Sanwo-Olu speaks on kidnappings in Lagos
Governor of Lagos state, Babajide Sanwo-Olu has reacted to the reported cases of kidnapping in some parts of the state.
Recall that two farmers in March were reportedly kidnapped in Shalabo village, located between Isiwu and Imota areas of the state.
In May, there were reports on social media suggesting that gunmen were abducting people on Admiralty Way, Ozumba Nbadiwe Way, Lekki/Ikoyi Link Bridge, and other parts of Lekki.
Refuting the claims, the Lagos commissioner of police, Hakeem Odumosu insisted that it was an isolated robbery case.
When asked about the kidnappings in the state during an Arise TV programme on Monday, Sanwo-Olu said he cannot counter the fact that there have been some cases.
The governor said residents must be security conscious and adopt basic strategies to protect themselves.
He added that members of the public must also report suspicious movements or strange faces to prevent cases of kidnapping.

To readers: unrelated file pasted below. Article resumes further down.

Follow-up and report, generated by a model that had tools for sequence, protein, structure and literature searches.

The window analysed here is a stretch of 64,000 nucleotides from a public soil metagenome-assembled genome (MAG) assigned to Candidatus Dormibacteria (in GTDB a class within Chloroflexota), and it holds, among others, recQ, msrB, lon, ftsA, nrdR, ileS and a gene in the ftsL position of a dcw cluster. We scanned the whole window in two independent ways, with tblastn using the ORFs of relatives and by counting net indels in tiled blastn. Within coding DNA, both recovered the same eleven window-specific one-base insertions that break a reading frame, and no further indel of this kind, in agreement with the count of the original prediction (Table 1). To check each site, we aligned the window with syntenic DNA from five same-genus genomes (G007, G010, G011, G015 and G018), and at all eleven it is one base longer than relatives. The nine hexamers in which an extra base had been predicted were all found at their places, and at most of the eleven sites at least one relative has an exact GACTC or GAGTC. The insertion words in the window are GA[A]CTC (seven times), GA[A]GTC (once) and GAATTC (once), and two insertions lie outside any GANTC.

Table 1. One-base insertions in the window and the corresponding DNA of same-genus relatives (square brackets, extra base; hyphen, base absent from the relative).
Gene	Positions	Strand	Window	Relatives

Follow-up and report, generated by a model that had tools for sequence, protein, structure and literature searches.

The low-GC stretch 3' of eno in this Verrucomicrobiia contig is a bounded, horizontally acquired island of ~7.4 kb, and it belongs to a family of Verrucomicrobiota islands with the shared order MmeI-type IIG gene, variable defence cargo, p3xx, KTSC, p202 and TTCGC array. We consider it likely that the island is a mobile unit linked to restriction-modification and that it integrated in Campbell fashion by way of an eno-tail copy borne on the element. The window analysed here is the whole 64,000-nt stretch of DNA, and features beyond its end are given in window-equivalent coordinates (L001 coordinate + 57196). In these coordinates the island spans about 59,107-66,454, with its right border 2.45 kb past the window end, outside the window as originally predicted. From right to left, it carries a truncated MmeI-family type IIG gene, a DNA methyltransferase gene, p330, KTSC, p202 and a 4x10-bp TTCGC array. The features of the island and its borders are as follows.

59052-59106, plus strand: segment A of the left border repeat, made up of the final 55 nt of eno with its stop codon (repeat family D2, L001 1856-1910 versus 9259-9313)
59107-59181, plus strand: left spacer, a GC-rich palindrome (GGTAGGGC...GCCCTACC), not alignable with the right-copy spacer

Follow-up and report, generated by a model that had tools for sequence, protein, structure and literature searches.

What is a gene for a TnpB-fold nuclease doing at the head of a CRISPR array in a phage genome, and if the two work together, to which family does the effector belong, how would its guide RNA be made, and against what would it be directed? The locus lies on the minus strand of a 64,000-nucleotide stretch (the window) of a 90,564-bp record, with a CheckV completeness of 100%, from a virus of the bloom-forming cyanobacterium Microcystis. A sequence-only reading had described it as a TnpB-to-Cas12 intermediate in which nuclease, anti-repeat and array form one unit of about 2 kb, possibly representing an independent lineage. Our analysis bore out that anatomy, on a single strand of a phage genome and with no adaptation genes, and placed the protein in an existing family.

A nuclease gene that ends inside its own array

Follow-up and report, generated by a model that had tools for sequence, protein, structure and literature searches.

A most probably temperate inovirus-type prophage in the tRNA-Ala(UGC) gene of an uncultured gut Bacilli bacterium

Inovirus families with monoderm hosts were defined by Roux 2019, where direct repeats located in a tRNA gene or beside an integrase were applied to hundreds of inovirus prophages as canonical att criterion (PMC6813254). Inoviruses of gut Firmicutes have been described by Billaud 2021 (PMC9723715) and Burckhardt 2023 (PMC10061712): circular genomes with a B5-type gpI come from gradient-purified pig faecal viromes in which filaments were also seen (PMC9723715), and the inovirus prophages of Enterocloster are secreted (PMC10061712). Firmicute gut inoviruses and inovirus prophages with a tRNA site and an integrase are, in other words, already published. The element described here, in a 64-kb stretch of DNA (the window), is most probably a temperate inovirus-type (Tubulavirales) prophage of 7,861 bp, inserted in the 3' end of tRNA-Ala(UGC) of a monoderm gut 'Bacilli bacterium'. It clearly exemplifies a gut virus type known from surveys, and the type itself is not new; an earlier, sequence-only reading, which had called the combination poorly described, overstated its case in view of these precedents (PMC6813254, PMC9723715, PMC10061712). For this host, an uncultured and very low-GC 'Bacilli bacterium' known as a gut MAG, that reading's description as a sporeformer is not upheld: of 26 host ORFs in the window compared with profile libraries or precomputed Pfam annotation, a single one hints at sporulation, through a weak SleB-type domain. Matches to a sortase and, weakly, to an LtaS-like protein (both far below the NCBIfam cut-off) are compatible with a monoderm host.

”I will not sit here and gloss over and say that is not happening. These are very serious times and these are very serious issues that we all need to take frontally,” he said.
“In Lagos, there have been incidents that we have had and part of the strategy is that all of us need to speak up. See something, say something.
“It is really about everybody understanding who is in your neighborhood? Who are the strangers that you are seeing around you? Simple security tips.
“You are in traffic, roll up your glass if you have to. Make sure that you are not standing by the street side and holding a phone and talking without being security conscious. These are just very simple tips. You don’t enter a strange vehicle.
“The kind of response we have gotten is that people have gone on unpainted vehicles that they do not know who they are and they just pop in on free ride. You don’t do that.”
Sanwo-Olu said the government is taking steps to improve the situation by developing security infrastructure.
He said the state is working on providing more security cameras while improving police formation and neighborhood intelligence.
”We need to look at our capabilities. We have infrastructural issues,” he said.
“And that is one of the reasons we are building the cameras that we are building, that is why we are supporting the police formation that we have, that is why we are still increasing the number of our recruits on our neighbourhood watch so that local intelligence can be granular.”